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A carnivorous plant, the butterwort is in the genus Pinguicula, Latin for “little greasy one.” The name derives from the greasy texture of the leaves. Some people have likened this texture to the slipperiness of melted butter, a circumstance that gave rise to the name butterwort. Before scientists understood its carnivorous habit, the people of Northern Europe rubbed butterwort leaves on the wounds of cattle. This treatment was effective because butterwort leaves produce an antiseptic secretion. Others used the leaves to curdle goat’s milk into cheese. Norwegians used the leaves to make a thick milk. One tradition hold that a girl who puts butter- wort leaves beneath her pillow will dream of her future husband.

Carnivorous Habit

No one apparently appreciated that the butterwort was a carnivore until the 19th century. In the early 1870s, W. Marshall—his first name and occupation may be lost to history—noticed a butterwort whose leaves were covered with insects. He informed British naturalist Charles Darwin of this find. In 1875,

Darwin amassed the evidence that the butterwort and several other species of plants were carnivores. Journalists and religious leaders mocked Darwin for this conclusion. Objections to the idea that plants may be carnivores go back at least to the 18th century, when Swedish naturalist Carl Linnaeus took up the crusade against this heresy.

For more than a century, the carnivorous habit of the butterwort has fascinated scientists. The leaves appear unremarkable to the casual observer, but close inspection reveals that glands cover them. Many of the glands support short hairs atop, which are globules of mucilage. Sunlight makes the mucilage sparkle, and this effect may attract insects. Moreover, the leaves emit an earthy aroma, which may attract insects. It is also possible that insects perceive the leaves as landing pads. Whatever the reason, an insect that alights on a leaf finds itself stuck in mucilage, which is an adhesive. The butterwort therefore functions as flypaper, though it has the capacity to digest insects whereas flypaper is a passive trap. As an insect struggles to free itself, it contacts other hairs and becomes entangled in a film of mucilage. An insect may struggle so violently that it loses a leg, but its efforts are usually futile. Covered in mucilage, an insect drowns or suffocates, though hours may elapse before death conquers the suffering arthropod.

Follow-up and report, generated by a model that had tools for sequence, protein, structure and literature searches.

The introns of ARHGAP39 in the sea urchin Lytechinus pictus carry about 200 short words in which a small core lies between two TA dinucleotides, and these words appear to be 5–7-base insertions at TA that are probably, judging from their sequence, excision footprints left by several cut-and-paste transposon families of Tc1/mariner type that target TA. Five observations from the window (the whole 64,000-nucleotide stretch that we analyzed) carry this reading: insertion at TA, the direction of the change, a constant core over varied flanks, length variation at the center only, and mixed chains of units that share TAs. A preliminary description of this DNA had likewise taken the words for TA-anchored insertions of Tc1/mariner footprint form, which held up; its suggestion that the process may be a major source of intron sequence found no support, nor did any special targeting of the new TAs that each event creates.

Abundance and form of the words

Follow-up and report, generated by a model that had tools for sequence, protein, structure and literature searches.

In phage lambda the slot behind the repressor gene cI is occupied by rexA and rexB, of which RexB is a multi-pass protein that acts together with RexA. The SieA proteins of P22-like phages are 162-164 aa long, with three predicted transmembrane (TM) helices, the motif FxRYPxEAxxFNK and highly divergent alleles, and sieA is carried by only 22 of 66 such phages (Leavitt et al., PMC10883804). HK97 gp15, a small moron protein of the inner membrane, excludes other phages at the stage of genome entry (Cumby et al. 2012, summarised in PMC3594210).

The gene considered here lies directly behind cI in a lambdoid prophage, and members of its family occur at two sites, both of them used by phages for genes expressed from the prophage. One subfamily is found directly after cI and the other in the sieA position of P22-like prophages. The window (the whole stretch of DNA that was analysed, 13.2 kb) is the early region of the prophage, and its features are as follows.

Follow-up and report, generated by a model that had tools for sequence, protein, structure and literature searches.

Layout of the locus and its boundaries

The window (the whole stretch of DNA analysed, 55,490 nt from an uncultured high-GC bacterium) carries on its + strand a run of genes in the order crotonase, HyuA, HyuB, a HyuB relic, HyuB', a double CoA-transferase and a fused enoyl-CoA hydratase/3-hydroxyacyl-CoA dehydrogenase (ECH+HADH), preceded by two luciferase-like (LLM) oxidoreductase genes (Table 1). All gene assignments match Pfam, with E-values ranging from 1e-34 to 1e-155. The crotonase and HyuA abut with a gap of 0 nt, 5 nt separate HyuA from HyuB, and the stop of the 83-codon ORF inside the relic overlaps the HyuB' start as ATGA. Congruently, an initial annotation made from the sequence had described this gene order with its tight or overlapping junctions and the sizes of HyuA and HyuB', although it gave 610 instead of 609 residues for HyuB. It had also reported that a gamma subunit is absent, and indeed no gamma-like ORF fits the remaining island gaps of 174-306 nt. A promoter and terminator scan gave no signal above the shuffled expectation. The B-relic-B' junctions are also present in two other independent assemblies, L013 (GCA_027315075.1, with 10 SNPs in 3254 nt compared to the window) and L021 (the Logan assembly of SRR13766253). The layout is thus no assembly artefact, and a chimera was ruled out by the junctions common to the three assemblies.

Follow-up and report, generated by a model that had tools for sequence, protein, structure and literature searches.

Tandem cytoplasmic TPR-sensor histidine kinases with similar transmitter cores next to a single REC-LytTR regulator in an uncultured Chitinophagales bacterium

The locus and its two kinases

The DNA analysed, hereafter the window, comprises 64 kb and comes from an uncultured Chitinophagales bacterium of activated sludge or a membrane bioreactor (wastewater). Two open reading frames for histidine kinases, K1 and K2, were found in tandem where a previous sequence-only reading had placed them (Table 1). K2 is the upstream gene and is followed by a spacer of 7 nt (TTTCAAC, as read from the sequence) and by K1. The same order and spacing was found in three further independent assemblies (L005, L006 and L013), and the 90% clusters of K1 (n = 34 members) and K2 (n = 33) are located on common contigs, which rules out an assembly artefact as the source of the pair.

As soon as an insect is caught, the sessile glands, which are inactive when a leaf is bereft of prey, begin to secrete digestive juices, which contain acids and enzymes and which liquefy the innards of an insect. The glands produce copious amounts of these juices, and they might run off a leaf but for the fact that the leaves of temperate species curl to prevent the loss of juices. Curiously, the leaves of tropical bladderworts do not move. In hours or at most days, the digestive juices accomplish their task. The sessile glands absorb the liquefied insect, leaving only the exoskeleton, which may remain adhered to the mucilage. The exoskeleton may break apart, or wind or rain may remove it. Because butterwort leaves are small, they trap tiny insects: gnats, springtails, and fruit flies. A springtail may succumb after contacting just two hairs on a leaf. Large, strong insects may break free, though butterworts have captured flies and craneflies. One specimen even captured a praying mantis.

Diversity of Species

Butterworts inhabit a range of ecosystems. They grow as far north as the Arctic Circle and may be found in North America, Central and South America, Europe, Asia, and Africa. Species native to the tropics produce flowers as striking as those of orchids and African violets. Flowering in spring, they yield one bloom per stalk. In the arid lands of Mexico, they grow alongside cacti. In parts of the Northern Hemisphere, they may be found with the sundew and pitcher plant. Tropical but- terworts are most diverse in Mexico, Central America, and the Caribbean. More species of butterwort grow in Mexico than anywhere else. In the dry season, tropical butterworts are not carnivorous, producing leaves that do not capture insects. Some species grow at elevation, enduring chilly nights during winter and hot, wet summers. Flowering over several months, the tropical Pinguicula morenesis blooms twice per year, issuing forth pink or white flowers. The plant flowers in winter and spring and again in late summer. Pinguicula esseriana, despite its tropical habit, tolerates frost. Pinguicula heterophylla and Pinguicula macro- phylla are dormant during the dry season. Pinguicula filifolia, native to western Cuba, grows in sandy soil near lagoons, yielding white, blue, purple, or lilac flowers. Pinguicula albido, Pinguicula jackii, and Pinguicula lignicola also inhabit Cuba. An epiphyte Pinguicula lignicola grows in trees and bushes. Pinguicula cladophila is native to Haiti.